Grignard reagents are strong bases and Lewis acids, a problem in many reactions but of use in others. MeMgX, for example, extracts a proton from most N-H and O-H bonds and from particularly acidic C-H bonds. Volumetric measurement of the methane evolved from reaction with a compound of MeMgI was once a significant procedure (Zerewitinoff determination) for quantitative determination of its active hydrogens.22 MeMgX still is used as a base, for example in forming magnesium amides (eq 3)23 and enolates. Cleavage of aryl-alkyl ethers (eq 4)24 is a displacement that must require the Lewis acid properties of the Grignard reagent. Me2Mg is sometimes used in place of MeMgX to minimize reactions, such as isomerization of oxiranes to aldehydes or ketones,25 that involve Lewis acidity but not displacement.

Strongly coordinating solvents tend to reduce reactivity in additions to unsaturated functions but to increase reactivity in reactions with alkyl halides and as bases. The greater rate and stereoselectivity of an addition (eq 2) in toluene than in Et2O illustrate the importance of solvent.

Transition metal impurities, often introduced in the Mg used to prepare a Grignard reagent, can lead to unwanted products,26 and where this is a problem particularly pure Mg should be used. Catalytic or stoichiometric amounts of transition metal compounds, of course, often are added deliberately to Grignard reagents.27 Examples are copper compounds28 to promote 1,4-additions to a,b-unsaturated carbonyl compounds (one variant of organocuprate chemistry) and nickel compounds29 to promote substitution of aryl and vinyl halides.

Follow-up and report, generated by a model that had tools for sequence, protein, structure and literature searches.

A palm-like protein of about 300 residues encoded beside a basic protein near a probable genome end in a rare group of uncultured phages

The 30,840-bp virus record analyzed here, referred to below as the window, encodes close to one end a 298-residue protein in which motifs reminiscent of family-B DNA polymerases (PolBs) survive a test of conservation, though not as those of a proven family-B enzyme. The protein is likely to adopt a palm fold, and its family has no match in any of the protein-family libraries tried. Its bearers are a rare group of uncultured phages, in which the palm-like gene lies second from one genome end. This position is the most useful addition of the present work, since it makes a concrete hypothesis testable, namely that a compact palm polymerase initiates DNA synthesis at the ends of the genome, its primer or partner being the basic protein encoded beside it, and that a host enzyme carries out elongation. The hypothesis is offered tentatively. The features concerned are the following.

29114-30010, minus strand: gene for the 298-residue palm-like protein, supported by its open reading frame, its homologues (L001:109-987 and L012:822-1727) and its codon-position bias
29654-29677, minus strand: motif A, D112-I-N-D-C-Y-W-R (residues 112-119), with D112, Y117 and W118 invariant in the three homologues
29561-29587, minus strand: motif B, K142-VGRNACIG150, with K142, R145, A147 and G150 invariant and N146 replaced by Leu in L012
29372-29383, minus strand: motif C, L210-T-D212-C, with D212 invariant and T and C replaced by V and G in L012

Related Reagents.

Methylcopper; Methylcopper-Boron Trifluoride Etherate; Methylcopper-Tributylphosphine; Methyllithium; Methyltitanium Trichloride.

1. (a) Lindsell, W. E. In Comprehensive Organometallic Chemistry; Wilkinson G.; Stone, F. G. A.; Abel, E. W., Eds.; Pergamon: Oxford, 1982; Chapter 4. (b) Wakefield, B. J. In Comprehensive Organometallic Chemistry; Wilkinson G.; Stone, F. G. A.; Abel, E. W., Eds.; Pergamon: Oxford, 1982; Chapter 44. (c) Nützel, K. MOC 1973, 13/2a, 47. (d) Raston, C. L.; Salem, G. In The Chemistry of the Metal-Carbon Bond; Hartley, F. R.; Ed.; Wiley: Chichester, 1987; Vol. 4, Chapter 2. (e) Old but still extremely useful is Kharasch, M.; Reinmuth, O. Grignard Reactions of Nonmetallic Substances; Prentice-Hall: New York, 1954. (f) Ioffe, S. T.; Nesmeyanov, A. N. The Organic Compounds of Magnesium, Beryllium, Calcium, Strontium and Barium; North-Holland: Amsterdam, 1967.